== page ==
The 1956 Melbourne Olympic Games are about to begin and everybody wants to watch them. Mick Leary has a new television, tickets to the Games and a cousin competing in the water polo team. Ray, who is in the same class as Mick, has to make do with sitting on the pavement watching a television in a shop window. It doesn’t seem fair!
When the other children follow the boasting Leary boys around the playground, Ray retaliates by telling a lie. He announces that he is also going to the Games with his cousin, who is filming the Olympics from the new ABC broadcast van.
Mick doesn’t believe Ray’s story and demands proof in the form of a photo. Ray realises that he needs an excellent plan or he will be in all sorts of trouble with Mick and his rough brothers. And so begins Ray’s own Olympic challenge. In trying to deal with the situation he has created, Ray gets some help from his brother, advice from his grandfather and support from his friend Skeeta.
Ray manages to get into the Games, find the ABC van and meet a new ‘cousin’ who is happy to be photographed with Ray on the ABC van. It may have been a lie, but Ray gets the proof he needs.
- Why did so many people gather outside a local shop to watch the Melbourne Olympic Games?
- Why did Ray tell a lie to Mick Leary? How does Ray feel after he tells the lie? What do you think about Ray telling a lie?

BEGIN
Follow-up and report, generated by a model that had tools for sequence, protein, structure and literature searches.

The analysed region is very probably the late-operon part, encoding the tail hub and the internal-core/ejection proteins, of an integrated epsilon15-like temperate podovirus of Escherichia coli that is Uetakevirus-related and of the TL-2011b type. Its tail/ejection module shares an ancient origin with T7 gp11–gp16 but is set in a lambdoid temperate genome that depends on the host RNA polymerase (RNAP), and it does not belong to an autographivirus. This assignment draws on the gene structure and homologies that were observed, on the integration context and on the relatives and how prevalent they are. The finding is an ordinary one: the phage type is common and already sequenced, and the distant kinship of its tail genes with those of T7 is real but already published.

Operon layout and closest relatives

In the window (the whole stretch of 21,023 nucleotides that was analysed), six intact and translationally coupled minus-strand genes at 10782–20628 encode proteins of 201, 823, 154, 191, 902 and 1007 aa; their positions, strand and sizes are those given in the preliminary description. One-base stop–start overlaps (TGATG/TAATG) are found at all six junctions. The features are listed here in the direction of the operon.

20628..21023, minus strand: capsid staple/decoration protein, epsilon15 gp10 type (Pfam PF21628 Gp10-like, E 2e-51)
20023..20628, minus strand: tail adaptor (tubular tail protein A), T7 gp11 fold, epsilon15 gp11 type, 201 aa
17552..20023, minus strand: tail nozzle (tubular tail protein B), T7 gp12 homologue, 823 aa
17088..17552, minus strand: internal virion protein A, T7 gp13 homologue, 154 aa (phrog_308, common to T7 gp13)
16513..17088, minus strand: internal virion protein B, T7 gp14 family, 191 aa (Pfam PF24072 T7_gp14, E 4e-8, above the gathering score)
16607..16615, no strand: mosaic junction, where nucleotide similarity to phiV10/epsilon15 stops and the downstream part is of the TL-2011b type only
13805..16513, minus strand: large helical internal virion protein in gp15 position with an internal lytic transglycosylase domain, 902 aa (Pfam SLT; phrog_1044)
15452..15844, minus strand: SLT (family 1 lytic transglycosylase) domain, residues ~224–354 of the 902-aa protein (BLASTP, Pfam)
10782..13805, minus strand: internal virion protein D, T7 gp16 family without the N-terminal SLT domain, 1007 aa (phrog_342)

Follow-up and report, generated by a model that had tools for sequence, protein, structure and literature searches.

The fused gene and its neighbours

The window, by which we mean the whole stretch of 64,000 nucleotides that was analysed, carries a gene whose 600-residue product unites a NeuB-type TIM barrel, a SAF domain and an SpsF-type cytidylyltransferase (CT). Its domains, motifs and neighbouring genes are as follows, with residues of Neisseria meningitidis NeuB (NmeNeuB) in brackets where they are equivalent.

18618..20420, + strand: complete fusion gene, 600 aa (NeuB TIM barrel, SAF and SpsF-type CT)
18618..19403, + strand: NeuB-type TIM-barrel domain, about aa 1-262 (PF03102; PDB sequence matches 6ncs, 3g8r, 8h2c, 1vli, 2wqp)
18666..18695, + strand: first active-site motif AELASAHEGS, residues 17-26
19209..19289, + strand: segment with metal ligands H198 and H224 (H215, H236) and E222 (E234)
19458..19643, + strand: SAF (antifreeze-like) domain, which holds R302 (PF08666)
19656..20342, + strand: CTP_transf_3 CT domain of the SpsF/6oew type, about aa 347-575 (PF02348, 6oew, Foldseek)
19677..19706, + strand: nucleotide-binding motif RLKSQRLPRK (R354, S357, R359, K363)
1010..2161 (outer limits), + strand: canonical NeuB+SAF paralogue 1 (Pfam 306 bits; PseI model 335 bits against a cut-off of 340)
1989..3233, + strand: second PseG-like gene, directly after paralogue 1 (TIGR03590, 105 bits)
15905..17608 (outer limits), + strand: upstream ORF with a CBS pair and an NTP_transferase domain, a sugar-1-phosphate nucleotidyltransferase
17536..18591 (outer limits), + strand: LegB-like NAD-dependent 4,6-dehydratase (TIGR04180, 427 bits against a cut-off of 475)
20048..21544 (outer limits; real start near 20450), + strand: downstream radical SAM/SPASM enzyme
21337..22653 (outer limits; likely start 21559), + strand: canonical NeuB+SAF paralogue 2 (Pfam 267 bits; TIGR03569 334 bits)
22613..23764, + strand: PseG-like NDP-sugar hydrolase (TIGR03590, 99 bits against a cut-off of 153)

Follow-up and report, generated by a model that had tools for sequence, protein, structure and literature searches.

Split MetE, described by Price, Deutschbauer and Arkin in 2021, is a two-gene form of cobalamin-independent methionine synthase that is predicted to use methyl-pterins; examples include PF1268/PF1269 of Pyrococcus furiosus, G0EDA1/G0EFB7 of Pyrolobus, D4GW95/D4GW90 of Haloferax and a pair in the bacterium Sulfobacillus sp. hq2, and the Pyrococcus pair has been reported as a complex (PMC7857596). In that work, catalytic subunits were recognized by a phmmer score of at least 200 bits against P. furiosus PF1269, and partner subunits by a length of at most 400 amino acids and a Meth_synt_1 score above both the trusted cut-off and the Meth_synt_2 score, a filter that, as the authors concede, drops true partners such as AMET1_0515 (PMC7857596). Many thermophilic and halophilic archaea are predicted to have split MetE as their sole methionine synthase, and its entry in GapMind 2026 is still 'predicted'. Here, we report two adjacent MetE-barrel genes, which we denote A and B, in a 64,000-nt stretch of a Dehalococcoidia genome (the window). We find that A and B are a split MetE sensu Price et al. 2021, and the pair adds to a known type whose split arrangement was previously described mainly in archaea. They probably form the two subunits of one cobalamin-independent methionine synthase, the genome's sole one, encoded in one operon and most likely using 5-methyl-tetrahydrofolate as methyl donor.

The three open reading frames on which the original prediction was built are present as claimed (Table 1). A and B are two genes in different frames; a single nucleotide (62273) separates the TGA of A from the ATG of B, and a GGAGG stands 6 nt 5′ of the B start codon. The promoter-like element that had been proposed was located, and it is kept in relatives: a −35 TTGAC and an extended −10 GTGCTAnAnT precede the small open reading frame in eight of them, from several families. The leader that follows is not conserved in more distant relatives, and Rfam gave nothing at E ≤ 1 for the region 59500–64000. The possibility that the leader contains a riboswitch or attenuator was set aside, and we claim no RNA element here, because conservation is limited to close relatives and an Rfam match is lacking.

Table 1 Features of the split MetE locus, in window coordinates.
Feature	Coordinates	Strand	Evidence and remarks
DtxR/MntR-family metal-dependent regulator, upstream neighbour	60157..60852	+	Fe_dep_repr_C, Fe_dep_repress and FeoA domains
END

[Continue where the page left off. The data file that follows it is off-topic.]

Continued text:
- How does Ray’s brother, Ken, help Ray? How does Ray’s grandfather help him?
- What can the ABC broadcast van do? Why are people at the Games interested in the ABC van?
- Why are Ray and Ted both called Bluey?
- Do you think Ray learnt a lesson from his experience? Why, or why not? If so, what lesson did he learn?
- Ask students to complete an entry in Ray’s diary the day after he gets his prized photograph. Encourage students to reflect on how Ray might be feeling about everything that happened.
- Use the Olympics correspondent worksheet (PDF 1.4mb) and ask your students to take on the role of journalists. Their task is to recreate the front page of the Herald as it might have looked during the 1956 Melbourne Olympics.
- Use the Different stories worksheet (PDF 1.6mb). This activity encourages students to develop alternative storylines for Ray’s Olympics.
- The photo of Ray with his ‘cousin’ becomes a very special possession for Ray. Invite students to bring in a photograph from home that captures a special moment for them. Students should write about the photo and share their stories with the class.
- Ray’s teacher involves his students in ‘Olympic projects’. Your students could complete their own projects on the history and significance of the Olympic Games.
- Ask your students to look at the illustrations created by David Cox for Ray’s Olympics. They should develop two lists headed ‘1956’ and ‘Now’ and compare and contrast items in the pictures that have changed over time.
Ray’s Olympics by Libby Gleeson
illustrated by David Cox
ISBN 1 876944 43 9
198mm x 130mm, 64pp
black and white illustrations
Published 2006. This book is out of print.